New York Times (Texas)
By David Montgomery and Manny Fernandez
January 26, 2017
AUSTIN, Tex. — Just over a week ago, white envelopes marked “URGENT REPLY ASAP” began arriving in the mailboxes of Texas Muslim leaders. Those who looked inside found an unusual document that turned out to be a highly inflammatory three-question survey investigating their views on elements of Islamic extremism.
The sender, as noted in the return address, was State Representative Kyle Biedermann, a central Texas hardware store owner who had officially become a member of the Legislature less than a month earlier. More than 400 surveys went out. Only one came back, Mr. Biedermann said.
The surveys were distributed as part of a campaign that Mr. Biedermann, a Republican, said was designed to expose “radical Islamic terrorism in Texas” and preceded a forum that Mr. Biedermann held on Thursday at the State Capitol to amplify that theme. But angry and insulted members of the Texas Muslim community, including prominent imams, are responding in a fierce pushback that included news conferences and at least one full-page newspaper ad.
The uproar in Texas came as President Trump, who as a candidate at times called for a ban on Muslim immigration to the United States, is preparing to roll out immigration policies that could include sharp restrictions on immigration from predominantly Muslim countries.
Muslim leaders said Mr. Biedermann’s surveys threatened to further escalate a rising pattern of intolerance toward Muslims with the approach of Texas Muslim Capitol Day on Tuesday, in which Texas Muslims visit the Capitol and meet lawmakers. Former State Representative Lon Burnam of Fort Worth, who sponsored the creation of the biennial pro-Muslim observance in 2003, described Mr. Biedermann’s actions as “nonsense, xenophobic.”
“His treatment of Muslims is giving fuel to the fire of Islamophobia that is running rampant in our state,” said Sarwat Husain, founding president of the San Antonio chapter of the Council on American-Islamic Relations and a national board member of the group. Speaking at a multifaith news conference at the State Capitol at the same time Mr. Biedermann was conducting his hearing two floors below, Ms. Husain said the letter was reminiscent of McCarthyism, calling it “very misleading, humiliating, intimidating, disgusting and downright offensive.”
The survey, and the meeting on Thursday, were aimed at sounding out Texas Muslims about their views, Mr. Biedermann said. But Muslims interviewed on Thursday said they were offended by the poll and did not return it.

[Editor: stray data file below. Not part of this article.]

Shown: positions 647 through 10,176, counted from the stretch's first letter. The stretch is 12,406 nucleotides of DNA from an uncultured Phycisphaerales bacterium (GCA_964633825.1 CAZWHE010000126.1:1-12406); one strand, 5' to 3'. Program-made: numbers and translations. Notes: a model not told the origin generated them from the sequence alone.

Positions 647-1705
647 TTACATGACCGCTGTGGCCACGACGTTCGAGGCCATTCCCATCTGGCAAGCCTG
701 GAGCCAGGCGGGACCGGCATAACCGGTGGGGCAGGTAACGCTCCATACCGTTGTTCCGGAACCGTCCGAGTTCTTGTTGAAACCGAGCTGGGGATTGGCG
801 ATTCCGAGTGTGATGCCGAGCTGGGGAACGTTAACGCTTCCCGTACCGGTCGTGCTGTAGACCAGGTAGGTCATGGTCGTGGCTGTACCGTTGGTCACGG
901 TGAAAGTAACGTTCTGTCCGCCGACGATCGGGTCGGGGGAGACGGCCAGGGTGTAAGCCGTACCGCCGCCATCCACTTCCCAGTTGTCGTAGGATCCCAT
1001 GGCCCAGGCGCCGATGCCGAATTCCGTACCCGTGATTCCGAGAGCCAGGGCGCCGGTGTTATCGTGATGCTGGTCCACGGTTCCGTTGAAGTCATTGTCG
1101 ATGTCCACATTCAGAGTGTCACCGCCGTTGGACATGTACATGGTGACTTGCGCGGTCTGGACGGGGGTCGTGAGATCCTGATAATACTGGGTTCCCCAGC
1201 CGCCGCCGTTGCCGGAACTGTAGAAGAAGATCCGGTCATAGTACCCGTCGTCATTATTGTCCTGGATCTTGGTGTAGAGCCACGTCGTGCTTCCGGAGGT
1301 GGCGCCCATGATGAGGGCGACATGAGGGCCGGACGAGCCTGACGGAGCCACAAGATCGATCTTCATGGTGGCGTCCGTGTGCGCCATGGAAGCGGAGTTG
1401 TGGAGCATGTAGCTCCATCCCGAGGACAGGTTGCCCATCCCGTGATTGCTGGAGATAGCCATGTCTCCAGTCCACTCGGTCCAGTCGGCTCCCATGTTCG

One question asked if the respondent would support a pledge for religious freedom and safety from harm for former Muslims. Another asked if the Muslim Brotherhood should be declared a terrorist organization. The survey also asked if the respondent supported the Muslim Reform Movement, which espouses opposition to “violent jihad” or “violent Islamic extremism.”
Bee Moorhead, executive director of Texas Impact, a statewide religious advocacy network that includes Christians, Jews and Muslims, said the group sent a letter to mosques and Muslim organizations urging them to disregard the survey. “What’s wrong with it is that an elected official in a position of power sent out that letter in a way that would have made someone think the survey was an official piece of business of the State of Texas,” Ms. Moorhead said in an interview. “It was an intimidating and misleading piece of communication on the part of a public servant.”
Mr. Biedermann, who was sworn in when the Legislature convened on Jan. 10, said the House leadership approved his use of a committee chamber to conduct his hearing, but the House speaker, Joe Straus, signaled his disapproval. “I believe it is wrong and offensive to single out any group based on their religion,” Mr. Straus, a San Antonio Republican, said in a statement released by his office.
Muslim leaders and supporters from other faiths said on Thursday that intolerance against Muslims has been on the rise both nationally and in Texas. As a Texas senator in 2007, Lt. Gov. Dan Patrick boycotted the first Muslim prayer delivered in the Texas Senate, saying he did not want his presence in the chamber to “appear that I was endorsing that.” Armed protesters have also appeared outside mosques in the Dallas-Fort Worth area.
In 2015, State Representative Molly White, a Republican from Belton in Central Texas, ignited a firestorm by demanding that Muslims in town for that year’s Muslim Day publicly declare their allegiance to the United States before entering her office.
Mr. Biedermann said his efforts were designed to increase public awareness about what he called an expanding threat in the form of Islamic terrorism that, he said, is spreading into the United States from across the southern border. In opening his hearing, he said that many crossing the border illegally came from countries with ties to terrorism, such as Iraq, Iran, Syria, Afghanistan and Pakistan. “With the rise of radical Islamic terrorism at home and throughout the world, homeland security must be our top priority,” he said.
In an interview afterward, Mr. Biedermann said border security and the threat of terrorism were cited as the “No. 1 issue” by thousands of voters in his district when he was campaigning for the legislative seat, which he won in a runoff. He says his office is open to “Texans of all backgrounds and religions.
Mustafa Tameez, a Muslim who was a consultant to the Department of Homeland Security in the Bush administration, said the survey was “a roundabout way of trying to get people to sign some kind of loyalty pledge, and that’s not where the threat is coming from.”
“The people that are the real threat are individuals who have self-radicalized or radicalized over the internet,” Mr. Tameez said.
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